PepsiCo CEO Indra Nooyi has become only the third female executive to join a 19-person business forum created by President-elect Donald Trump as he prepares his economic agenda for the United States.
Trump’s team on Wednesday announced that three additional members would join the new president’s Strategic and Policy Forum—a group of business leaders who can be called upon to meet with Trump frequently as he implements his economic strategy. The initial round of 16 members included just two women: General Motors chairman and CEO Mary Barra and IBM chairman, president and CEO Ginni Rometty.
All three rank high on Fortune’s most recent Most Powerful Women list. Barra repeated as the most powerful woman in 2016, while Nooyi is second and Rometty ranked fourth.
The inclusion of Nooyi on the expanded business policy council (Uber Technologies CEO Travis Kalanick and Tesla Motors CEO Elon Musk were also added) is interesting as Nooyi generated headlines last month for comments she made in the wake of Trump’s victory. After Nooyi appeared at a post-election New York Times conference, online boycotts began to float around alleging she said she “loathed” Trump and “hated” his supporters. As those boycotts began to circulate on social media channels, a #BoycottPepsi hashtag circulated.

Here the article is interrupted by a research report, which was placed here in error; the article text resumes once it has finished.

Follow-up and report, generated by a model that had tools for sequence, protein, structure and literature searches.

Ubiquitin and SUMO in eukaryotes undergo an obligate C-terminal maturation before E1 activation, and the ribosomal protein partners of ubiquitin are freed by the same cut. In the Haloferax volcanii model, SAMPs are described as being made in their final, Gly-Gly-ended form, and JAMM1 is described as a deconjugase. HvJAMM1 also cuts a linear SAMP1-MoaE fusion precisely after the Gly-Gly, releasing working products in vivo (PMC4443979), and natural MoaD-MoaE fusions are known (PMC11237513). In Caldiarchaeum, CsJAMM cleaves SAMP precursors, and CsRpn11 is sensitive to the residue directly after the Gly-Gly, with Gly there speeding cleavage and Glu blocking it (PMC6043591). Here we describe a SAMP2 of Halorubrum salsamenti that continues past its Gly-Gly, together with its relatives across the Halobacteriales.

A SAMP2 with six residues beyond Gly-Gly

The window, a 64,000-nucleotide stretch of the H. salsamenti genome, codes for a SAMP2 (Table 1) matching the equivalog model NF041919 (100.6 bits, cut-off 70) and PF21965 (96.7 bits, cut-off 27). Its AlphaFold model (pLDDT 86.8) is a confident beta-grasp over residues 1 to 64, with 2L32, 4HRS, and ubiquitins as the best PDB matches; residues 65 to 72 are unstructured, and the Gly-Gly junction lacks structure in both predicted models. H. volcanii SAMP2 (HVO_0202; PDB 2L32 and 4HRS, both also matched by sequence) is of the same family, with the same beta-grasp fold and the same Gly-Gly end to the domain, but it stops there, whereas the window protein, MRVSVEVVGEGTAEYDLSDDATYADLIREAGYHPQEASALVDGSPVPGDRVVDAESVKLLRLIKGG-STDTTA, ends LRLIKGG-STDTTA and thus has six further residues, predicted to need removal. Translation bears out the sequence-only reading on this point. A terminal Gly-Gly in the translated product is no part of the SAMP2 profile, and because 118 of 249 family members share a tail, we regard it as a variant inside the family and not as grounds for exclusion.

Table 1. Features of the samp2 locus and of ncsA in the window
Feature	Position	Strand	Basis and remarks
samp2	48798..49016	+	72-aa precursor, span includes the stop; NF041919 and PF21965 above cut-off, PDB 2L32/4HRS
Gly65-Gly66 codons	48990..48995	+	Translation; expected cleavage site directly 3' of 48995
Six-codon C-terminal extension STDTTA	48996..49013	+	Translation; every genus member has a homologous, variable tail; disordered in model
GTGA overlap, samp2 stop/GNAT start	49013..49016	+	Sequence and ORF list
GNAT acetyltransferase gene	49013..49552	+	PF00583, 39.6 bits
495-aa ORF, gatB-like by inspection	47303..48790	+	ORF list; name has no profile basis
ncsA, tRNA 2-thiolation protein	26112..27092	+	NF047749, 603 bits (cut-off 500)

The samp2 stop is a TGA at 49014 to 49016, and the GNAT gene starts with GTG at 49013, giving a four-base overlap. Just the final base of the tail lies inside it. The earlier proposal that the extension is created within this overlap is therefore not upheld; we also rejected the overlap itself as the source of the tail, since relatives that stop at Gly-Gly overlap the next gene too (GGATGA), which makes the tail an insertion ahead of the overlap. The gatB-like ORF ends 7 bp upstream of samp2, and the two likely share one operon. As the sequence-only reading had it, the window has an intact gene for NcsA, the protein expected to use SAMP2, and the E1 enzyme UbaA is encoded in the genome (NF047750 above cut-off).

But as Fortune reported, Nooyi never made those comments. In fact, she congratulated Trump on the election, adding “We should mourn for those of us who supported the other side. But we have to come together and life has to go on.” Her public stance has been neutral: Nooyi never backed a presidential candidate and never personally gave money to either campaign. She did vote, but hasn’t disclosed how she voted.
Check out our 2016 list of the Most Powerful Women in Business
Adding Nooyi to Trump’s team of business experts gives a seat at the table to a key voice that can advocate and advise on behalf of the food and beverage industry, which didn’t have any representatives on the council until Nooyi was added to the group. Her insights in the world of food will likely be helpful in relation to the Food and Drug Administration, as well as policies involving trade (many Big Food companies sell billions of goods abroad), taxation, and nutritional guidelines.